I am Taiwanese. I am not Chinese. I love all kinds of food, including Shanghainese Cuisine in Chinatown. I can be wary of going to an authentic Chinese food place in the US. I have not had much luck whenever I go. Let it be a food hygiene issue or simply the fact that I am an Asian woman and I speak the same language as the servers. Sometimes, they have a problem with it, especially if I go with a white male friend. At 456 Shanghai Cuisine in Chinatown, NY, the unfortunate scene repeated.
All was good in the beginning when I spoke only in English. Troubles began when I started speaking in Mandarin to the servers.Soup dumplings. Delish!
Cold Jelly on the left and braised beef on the right. The beef was not tasty and I remembered how this dish is usually served in Taiwan – adding a little bit of dark vinegar and chili. I asked the server (this is an older gentleman) for the dark vinegar in Mandarin. He was a little surprised that I spoke the language. Quickly answered that I already had the vinegar with the soup dumplings and corrected my vocabulary.
People- the vocab for the same item can be a little different between Taiwan and China. This server is from China. I then asked for chili because what they provided was not spicy. He laughed at me and said that what’s on the table was all they got. Told me all I needed to do was eat more chili, implying volume will increase the level of spiciness. His reaction toward me can be considered as a typical treatment from someone who is an older male to the younger and less worthy female.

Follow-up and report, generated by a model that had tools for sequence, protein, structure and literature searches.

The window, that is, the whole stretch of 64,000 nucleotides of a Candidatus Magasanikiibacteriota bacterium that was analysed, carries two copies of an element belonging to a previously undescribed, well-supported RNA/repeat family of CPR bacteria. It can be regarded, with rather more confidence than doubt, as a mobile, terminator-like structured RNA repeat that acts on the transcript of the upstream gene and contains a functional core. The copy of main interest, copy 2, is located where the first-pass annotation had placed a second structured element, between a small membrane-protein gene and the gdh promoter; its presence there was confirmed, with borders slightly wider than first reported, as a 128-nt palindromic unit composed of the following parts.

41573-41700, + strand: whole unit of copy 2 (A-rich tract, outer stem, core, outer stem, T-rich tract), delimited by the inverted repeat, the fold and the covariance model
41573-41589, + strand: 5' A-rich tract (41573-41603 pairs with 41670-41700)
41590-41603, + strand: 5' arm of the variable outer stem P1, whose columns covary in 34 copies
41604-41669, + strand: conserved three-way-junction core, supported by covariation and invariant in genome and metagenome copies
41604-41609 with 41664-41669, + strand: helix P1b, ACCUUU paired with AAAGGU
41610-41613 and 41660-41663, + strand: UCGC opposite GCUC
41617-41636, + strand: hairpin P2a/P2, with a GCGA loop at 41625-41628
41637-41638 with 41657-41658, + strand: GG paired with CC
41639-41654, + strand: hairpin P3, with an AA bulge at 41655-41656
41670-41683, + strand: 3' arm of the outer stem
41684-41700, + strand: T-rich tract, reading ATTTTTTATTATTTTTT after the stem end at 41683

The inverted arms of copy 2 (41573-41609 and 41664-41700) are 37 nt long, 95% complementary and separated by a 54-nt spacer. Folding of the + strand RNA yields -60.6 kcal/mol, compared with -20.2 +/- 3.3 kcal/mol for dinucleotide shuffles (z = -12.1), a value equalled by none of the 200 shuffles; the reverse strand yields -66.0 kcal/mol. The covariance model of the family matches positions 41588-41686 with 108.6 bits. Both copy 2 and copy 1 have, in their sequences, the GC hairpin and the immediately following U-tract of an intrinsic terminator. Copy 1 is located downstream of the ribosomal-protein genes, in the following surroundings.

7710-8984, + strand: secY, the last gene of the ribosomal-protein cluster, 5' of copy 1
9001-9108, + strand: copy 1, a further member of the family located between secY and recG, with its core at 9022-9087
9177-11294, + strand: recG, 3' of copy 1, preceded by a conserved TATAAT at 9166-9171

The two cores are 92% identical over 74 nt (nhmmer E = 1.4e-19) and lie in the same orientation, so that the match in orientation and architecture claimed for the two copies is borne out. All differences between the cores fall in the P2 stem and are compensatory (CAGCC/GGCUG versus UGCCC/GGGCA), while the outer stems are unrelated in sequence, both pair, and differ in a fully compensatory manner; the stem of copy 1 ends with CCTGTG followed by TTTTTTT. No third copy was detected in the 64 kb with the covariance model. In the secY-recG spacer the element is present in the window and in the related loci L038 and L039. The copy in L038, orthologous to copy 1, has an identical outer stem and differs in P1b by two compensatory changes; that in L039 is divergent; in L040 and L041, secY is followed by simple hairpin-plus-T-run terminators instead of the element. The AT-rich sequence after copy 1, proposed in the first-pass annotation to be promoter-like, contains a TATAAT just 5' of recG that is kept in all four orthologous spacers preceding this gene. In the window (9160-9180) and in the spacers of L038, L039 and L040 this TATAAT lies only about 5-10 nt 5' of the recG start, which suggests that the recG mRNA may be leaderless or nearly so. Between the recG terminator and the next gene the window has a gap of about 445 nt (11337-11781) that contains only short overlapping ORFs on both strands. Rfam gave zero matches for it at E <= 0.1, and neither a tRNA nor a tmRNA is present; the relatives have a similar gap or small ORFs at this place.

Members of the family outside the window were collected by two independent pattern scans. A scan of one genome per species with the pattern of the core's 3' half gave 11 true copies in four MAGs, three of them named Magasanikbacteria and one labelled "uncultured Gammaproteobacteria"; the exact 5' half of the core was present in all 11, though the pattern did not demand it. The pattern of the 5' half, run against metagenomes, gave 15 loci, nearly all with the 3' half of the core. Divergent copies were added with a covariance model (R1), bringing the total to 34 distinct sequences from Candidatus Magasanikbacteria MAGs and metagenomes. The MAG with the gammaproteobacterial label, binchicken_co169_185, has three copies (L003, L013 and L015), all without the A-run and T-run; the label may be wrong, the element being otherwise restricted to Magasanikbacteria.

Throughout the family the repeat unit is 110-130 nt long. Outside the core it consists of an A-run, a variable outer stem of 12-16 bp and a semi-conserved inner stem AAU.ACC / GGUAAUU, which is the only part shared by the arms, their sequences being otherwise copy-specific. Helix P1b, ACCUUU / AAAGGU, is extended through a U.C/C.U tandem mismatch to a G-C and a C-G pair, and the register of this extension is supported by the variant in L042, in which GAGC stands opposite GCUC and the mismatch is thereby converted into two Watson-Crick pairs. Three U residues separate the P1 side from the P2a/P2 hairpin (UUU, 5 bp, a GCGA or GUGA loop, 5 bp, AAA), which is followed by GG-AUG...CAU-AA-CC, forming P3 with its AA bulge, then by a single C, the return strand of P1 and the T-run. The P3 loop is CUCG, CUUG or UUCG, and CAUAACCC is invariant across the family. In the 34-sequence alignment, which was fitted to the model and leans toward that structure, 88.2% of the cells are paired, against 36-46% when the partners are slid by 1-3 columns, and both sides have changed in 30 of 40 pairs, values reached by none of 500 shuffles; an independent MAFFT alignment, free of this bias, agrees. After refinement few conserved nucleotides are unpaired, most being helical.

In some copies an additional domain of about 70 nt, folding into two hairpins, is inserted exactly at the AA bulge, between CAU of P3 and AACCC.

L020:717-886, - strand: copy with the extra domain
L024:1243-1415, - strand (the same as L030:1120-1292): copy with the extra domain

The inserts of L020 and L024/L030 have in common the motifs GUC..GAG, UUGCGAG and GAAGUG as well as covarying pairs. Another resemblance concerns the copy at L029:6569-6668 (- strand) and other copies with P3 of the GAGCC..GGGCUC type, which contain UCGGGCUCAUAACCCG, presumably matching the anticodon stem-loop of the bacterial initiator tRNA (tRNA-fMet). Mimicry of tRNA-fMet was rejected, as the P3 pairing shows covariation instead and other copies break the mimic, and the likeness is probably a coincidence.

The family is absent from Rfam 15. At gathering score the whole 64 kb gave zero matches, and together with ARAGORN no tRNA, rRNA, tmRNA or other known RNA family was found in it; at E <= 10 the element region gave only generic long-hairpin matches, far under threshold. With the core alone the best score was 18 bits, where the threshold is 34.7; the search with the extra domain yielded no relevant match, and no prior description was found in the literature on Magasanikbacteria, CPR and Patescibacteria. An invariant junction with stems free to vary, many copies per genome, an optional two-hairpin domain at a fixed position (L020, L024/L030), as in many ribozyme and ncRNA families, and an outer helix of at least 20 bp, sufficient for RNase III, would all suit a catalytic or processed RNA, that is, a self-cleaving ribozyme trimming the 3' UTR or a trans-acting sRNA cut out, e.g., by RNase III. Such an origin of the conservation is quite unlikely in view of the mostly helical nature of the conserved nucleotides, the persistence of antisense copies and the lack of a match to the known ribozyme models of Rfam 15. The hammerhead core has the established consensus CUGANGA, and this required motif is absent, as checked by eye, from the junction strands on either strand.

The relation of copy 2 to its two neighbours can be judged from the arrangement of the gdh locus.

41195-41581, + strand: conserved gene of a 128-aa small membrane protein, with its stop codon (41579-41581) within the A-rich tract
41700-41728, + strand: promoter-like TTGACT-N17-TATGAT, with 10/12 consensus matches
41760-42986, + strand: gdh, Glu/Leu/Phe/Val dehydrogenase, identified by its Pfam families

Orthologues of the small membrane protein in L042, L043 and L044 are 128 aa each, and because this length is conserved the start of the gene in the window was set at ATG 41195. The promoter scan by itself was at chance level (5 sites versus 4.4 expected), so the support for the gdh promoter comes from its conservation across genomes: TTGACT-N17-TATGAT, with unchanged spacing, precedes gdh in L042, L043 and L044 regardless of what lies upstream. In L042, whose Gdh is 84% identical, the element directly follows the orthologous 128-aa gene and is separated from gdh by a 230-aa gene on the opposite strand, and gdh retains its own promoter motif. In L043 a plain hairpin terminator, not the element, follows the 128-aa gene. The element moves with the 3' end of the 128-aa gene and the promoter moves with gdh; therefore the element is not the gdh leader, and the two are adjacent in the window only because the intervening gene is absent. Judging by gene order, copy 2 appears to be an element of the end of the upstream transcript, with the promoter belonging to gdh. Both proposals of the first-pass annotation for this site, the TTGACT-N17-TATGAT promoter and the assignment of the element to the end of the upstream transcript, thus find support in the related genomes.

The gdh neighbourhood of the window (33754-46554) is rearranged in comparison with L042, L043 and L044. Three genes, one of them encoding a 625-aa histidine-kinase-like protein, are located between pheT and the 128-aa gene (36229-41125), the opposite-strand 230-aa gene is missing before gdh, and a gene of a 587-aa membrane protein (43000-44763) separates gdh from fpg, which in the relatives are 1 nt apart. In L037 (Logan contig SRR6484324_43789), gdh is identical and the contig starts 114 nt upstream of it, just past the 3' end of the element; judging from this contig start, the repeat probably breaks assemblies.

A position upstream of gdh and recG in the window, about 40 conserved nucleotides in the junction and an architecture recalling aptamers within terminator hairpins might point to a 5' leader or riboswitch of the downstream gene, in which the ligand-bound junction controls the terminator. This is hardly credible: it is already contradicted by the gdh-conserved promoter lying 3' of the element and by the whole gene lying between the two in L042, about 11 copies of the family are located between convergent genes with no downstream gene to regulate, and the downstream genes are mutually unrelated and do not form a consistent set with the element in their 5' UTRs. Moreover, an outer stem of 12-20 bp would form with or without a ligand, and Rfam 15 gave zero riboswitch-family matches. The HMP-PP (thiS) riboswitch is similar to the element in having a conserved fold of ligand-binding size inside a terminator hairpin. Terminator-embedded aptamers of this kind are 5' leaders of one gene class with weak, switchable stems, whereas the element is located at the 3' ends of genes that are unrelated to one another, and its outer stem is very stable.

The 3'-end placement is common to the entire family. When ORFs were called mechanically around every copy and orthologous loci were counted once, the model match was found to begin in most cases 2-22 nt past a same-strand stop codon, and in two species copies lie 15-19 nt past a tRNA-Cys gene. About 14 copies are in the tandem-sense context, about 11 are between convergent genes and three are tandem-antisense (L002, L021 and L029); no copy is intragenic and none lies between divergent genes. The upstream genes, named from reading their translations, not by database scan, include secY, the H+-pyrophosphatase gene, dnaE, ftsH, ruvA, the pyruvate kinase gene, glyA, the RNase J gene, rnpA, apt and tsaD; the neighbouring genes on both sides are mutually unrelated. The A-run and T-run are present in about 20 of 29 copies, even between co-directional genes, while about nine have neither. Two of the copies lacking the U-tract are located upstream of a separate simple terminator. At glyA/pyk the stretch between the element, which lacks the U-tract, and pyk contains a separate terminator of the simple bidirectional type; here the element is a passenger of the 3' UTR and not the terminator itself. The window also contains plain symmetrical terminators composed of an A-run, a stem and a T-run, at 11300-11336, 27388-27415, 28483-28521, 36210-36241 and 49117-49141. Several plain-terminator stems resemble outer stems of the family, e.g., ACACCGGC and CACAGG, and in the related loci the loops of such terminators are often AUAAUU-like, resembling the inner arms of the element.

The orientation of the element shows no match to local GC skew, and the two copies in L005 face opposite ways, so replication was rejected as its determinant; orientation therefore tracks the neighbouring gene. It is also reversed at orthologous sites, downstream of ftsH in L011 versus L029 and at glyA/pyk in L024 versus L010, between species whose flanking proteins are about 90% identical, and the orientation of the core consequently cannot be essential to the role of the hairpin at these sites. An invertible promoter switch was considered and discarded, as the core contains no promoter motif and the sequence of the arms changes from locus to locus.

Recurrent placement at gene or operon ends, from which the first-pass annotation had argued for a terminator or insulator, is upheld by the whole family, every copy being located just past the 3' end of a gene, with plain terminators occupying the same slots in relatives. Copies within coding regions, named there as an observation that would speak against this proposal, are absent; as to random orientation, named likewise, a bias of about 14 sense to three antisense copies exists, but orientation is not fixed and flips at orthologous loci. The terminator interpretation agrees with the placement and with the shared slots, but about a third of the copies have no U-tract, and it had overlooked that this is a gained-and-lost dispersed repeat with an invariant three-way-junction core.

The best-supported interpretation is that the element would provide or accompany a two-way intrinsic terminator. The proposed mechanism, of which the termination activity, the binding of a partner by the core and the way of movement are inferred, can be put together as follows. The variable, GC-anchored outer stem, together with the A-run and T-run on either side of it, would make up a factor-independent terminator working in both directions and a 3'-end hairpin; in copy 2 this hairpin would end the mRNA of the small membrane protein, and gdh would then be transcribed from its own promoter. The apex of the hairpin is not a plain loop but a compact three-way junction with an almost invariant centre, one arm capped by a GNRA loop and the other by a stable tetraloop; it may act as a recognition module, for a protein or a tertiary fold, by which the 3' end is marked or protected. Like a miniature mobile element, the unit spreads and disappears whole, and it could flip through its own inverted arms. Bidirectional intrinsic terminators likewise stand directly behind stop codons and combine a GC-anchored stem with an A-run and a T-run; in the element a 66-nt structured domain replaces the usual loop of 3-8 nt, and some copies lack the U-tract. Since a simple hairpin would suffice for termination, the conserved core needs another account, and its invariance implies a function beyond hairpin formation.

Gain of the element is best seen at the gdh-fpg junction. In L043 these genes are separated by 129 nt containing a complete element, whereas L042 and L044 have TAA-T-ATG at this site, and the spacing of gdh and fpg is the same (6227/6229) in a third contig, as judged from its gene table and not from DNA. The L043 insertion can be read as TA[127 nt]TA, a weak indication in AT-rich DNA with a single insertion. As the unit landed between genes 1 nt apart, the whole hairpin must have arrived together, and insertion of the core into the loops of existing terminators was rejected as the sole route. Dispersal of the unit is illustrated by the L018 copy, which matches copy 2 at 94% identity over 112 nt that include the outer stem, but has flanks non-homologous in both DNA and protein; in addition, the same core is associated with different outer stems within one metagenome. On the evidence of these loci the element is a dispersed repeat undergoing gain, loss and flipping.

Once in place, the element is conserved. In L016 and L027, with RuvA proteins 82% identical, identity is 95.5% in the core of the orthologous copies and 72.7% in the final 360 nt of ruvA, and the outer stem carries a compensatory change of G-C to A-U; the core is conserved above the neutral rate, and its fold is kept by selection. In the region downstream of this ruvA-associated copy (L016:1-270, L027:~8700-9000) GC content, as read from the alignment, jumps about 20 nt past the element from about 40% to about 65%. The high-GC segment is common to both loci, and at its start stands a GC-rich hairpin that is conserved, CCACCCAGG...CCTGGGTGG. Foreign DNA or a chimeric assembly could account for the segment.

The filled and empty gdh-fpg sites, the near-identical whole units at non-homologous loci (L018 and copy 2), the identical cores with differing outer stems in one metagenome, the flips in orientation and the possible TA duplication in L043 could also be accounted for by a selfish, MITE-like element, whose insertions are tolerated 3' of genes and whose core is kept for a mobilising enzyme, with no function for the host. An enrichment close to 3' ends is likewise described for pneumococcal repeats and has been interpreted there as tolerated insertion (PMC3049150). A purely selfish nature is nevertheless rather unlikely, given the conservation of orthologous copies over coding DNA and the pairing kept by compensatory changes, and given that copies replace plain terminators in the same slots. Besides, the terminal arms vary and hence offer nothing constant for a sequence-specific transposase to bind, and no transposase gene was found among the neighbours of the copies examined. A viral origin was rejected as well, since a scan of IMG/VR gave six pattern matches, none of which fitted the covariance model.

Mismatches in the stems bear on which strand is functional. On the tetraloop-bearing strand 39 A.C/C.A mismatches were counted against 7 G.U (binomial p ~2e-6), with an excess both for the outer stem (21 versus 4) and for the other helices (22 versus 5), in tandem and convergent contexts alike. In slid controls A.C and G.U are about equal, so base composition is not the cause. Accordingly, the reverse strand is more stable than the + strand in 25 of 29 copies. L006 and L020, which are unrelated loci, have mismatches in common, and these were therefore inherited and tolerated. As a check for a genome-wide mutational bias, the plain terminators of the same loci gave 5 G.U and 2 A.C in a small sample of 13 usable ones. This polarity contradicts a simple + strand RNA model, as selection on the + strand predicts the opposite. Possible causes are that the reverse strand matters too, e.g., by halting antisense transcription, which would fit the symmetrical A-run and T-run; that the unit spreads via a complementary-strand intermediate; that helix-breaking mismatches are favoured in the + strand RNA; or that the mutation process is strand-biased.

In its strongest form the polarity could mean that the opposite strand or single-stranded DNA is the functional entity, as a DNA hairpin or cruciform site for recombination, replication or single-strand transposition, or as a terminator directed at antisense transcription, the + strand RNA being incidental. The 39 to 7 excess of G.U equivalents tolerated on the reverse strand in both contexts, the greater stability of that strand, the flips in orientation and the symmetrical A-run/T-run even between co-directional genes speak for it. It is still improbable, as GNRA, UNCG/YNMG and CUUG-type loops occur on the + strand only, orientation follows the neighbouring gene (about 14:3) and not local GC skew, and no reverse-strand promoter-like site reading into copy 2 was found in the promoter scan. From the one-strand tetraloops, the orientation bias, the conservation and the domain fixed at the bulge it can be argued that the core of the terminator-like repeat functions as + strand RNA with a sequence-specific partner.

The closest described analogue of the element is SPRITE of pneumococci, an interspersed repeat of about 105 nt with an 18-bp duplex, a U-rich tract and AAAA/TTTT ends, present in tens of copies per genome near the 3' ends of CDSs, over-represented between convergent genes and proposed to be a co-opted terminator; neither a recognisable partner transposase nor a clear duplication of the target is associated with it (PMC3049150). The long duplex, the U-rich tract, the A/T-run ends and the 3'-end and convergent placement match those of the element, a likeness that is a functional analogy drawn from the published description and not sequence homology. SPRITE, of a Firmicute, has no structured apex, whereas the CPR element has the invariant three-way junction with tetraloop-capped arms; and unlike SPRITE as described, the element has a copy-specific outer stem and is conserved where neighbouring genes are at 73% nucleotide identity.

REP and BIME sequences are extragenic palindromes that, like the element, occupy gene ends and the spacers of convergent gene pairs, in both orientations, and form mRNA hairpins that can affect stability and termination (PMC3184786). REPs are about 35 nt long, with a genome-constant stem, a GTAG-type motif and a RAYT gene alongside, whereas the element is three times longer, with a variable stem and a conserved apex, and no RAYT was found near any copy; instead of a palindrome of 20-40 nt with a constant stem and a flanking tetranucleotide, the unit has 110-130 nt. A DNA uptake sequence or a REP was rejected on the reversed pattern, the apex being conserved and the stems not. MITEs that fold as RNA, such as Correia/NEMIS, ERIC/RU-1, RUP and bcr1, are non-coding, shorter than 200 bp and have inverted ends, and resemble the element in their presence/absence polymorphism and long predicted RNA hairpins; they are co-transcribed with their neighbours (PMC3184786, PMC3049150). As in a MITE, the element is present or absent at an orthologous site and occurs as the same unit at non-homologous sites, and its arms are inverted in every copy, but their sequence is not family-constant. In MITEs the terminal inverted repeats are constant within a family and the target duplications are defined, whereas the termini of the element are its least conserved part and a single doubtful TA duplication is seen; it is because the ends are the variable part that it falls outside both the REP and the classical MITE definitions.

In the Chinese culture, I can do one of two things in response: suck it up because I am younger and I am a woman or I yell back and be mean. I usually do the former because I find it unnecessary to get all riled up by a server from the old world. But it really sucked to be belittled. I did nothing other than being a customer who wanted her condiments. It was a punishment for showing that I am one of them but have crossed into the other world.
Inevitably, any white friends I have experienced such a scene with (and there were many occasions) always find the situation interesting. For me, not so much. Peking duck pancakes, green scallions, and Hoisin sauce.
The duck. Fatty though…This is how you put them together.Voila!
I am proud of my heritage. I am proud to be able to speak the language. I am also proud to be a New Yorker who loves food. Sadly, this kind of experience keeps me away from authentic Chinese restaurants in the area and makes me long for the days in Taiwan when I am respected regardless of my age or my gender.
P.S. I did want to smack the waiter around at some point that night.
This experience took place at
456 Shanghai Cuisine
69 Mott St # A
New York, NY 10013